The prime minister said that the pandemic is far from over and it's still a long way to go to overcome the crisis. The government is therefore planning a phased transition from outright restrictions to a safe and sustainable mode of living. That means seeking solutions that would enable the economy to function and make in-person education more available.
"This is a challenge, because if we proceed too fast, we can expect the same that happened in other countries - a surge in infections, which we do not want," Kariņš said, adding that it is necessary to find a way into a safer life by following safety measures.
Kariņš stressed that the upcoming discussions in the government on a revision of Covid-19 restrictions should not be regarded as an attempt to relax the measures because nothing is over yet. If Covid-19 incidence figures decrease, small shops might be allowed to reopen and more pupils might be allowed to return to classrooms.
"Basically, we must not allow any gatherings. Indoor gatherings are especially dangerous. Working from home is recommended also after the Easter holidays, because this is a safe way to prevent infections among employees. Education is a big challenge too, because schools are a large category," Kariņš said.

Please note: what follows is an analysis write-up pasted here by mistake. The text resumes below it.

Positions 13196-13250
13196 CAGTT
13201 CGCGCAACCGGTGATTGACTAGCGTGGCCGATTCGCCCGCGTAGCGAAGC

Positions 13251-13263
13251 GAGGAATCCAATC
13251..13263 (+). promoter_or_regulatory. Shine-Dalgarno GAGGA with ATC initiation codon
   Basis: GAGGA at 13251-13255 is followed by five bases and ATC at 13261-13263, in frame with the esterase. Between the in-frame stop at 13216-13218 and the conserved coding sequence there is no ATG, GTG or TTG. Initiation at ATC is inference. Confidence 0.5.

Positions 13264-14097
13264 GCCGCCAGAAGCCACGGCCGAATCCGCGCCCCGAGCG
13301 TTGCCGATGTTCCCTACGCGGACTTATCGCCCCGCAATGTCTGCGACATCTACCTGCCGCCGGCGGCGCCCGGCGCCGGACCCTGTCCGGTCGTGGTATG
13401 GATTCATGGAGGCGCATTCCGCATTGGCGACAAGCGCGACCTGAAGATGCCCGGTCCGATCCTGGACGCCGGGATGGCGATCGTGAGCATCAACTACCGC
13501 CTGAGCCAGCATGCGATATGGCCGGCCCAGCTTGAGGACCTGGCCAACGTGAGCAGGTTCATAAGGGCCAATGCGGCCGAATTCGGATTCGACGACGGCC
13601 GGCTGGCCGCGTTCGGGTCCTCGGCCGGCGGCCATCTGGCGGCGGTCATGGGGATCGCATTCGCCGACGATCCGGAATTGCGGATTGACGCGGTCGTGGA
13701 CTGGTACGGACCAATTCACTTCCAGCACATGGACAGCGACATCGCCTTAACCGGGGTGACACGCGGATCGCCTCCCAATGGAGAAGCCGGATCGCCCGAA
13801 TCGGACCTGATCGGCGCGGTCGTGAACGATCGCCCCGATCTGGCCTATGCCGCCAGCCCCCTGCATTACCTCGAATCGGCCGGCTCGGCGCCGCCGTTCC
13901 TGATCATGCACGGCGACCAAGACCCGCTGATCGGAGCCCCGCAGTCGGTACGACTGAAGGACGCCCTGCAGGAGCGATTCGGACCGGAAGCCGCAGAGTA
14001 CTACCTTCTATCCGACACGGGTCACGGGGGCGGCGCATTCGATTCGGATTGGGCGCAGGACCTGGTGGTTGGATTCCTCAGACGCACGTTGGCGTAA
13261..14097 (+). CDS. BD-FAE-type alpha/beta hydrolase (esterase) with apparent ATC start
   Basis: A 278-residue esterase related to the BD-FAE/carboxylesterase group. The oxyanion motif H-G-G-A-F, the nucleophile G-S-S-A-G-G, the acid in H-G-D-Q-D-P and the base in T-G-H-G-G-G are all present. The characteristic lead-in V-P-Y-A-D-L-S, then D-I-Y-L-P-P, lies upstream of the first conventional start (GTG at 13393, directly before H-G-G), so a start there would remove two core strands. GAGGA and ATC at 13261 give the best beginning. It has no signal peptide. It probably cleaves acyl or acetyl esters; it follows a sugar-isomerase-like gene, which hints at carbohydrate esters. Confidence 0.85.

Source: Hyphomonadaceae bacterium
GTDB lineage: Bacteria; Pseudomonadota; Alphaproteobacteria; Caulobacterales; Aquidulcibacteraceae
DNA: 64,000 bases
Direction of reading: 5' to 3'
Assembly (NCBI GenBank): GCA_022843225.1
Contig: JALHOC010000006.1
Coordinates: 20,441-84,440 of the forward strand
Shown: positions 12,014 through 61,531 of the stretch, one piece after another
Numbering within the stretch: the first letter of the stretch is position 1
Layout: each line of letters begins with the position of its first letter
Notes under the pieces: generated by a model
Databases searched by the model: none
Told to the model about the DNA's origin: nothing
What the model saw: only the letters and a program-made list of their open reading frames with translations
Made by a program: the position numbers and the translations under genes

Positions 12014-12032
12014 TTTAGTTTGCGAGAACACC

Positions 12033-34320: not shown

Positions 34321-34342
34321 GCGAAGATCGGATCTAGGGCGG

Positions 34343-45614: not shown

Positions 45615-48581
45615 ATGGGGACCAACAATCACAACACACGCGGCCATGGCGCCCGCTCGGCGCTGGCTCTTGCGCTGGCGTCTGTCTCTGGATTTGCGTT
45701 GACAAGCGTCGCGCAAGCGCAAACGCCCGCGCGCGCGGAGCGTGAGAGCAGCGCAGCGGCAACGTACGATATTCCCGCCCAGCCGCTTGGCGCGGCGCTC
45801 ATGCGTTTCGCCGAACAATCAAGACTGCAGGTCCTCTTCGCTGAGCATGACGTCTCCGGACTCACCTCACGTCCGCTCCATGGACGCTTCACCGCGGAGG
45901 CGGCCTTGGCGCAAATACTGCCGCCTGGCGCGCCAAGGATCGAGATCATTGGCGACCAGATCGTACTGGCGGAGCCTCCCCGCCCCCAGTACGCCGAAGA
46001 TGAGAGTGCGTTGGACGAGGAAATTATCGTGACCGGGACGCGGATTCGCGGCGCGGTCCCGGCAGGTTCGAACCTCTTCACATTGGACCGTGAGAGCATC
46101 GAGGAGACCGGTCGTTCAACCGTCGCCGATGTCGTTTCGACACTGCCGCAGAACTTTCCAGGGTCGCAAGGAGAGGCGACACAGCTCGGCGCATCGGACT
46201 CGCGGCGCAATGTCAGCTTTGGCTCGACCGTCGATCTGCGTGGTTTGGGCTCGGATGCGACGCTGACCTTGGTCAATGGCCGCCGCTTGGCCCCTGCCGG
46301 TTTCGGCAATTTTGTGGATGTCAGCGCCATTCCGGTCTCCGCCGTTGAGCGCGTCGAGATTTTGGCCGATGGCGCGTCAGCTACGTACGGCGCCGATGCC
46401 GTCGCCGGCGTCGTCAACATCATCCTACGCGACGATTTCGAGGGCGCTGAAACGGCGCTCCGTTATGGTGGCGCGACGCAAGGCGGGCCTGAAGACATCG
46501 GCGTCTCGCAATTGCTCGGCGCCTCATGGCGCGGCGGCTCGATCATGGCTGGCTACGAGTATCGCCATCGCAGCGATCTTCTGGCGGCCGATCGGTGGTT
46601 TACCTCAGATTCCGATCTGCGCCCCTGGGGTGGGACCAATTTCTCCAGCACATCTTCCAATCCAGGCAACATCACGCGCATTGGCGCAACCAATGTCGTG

As for the current epidemiological situation, it has been concluded that the third Covid-19 wave has reached Latvia. "Thank God, it has not caused infections to spike steeply because people are following the rules," the prime minister said.
"We have no plans to open everything up or relax. We need to balance people's needs and keeping them from falling ill. Instead of lifting, we are rearranging the restrictions, making them more sustainable," Kariņš said.
The prime minister urged people to stay alert, not to relax and to refrain from visiting relatives and friends during the Easter holidays.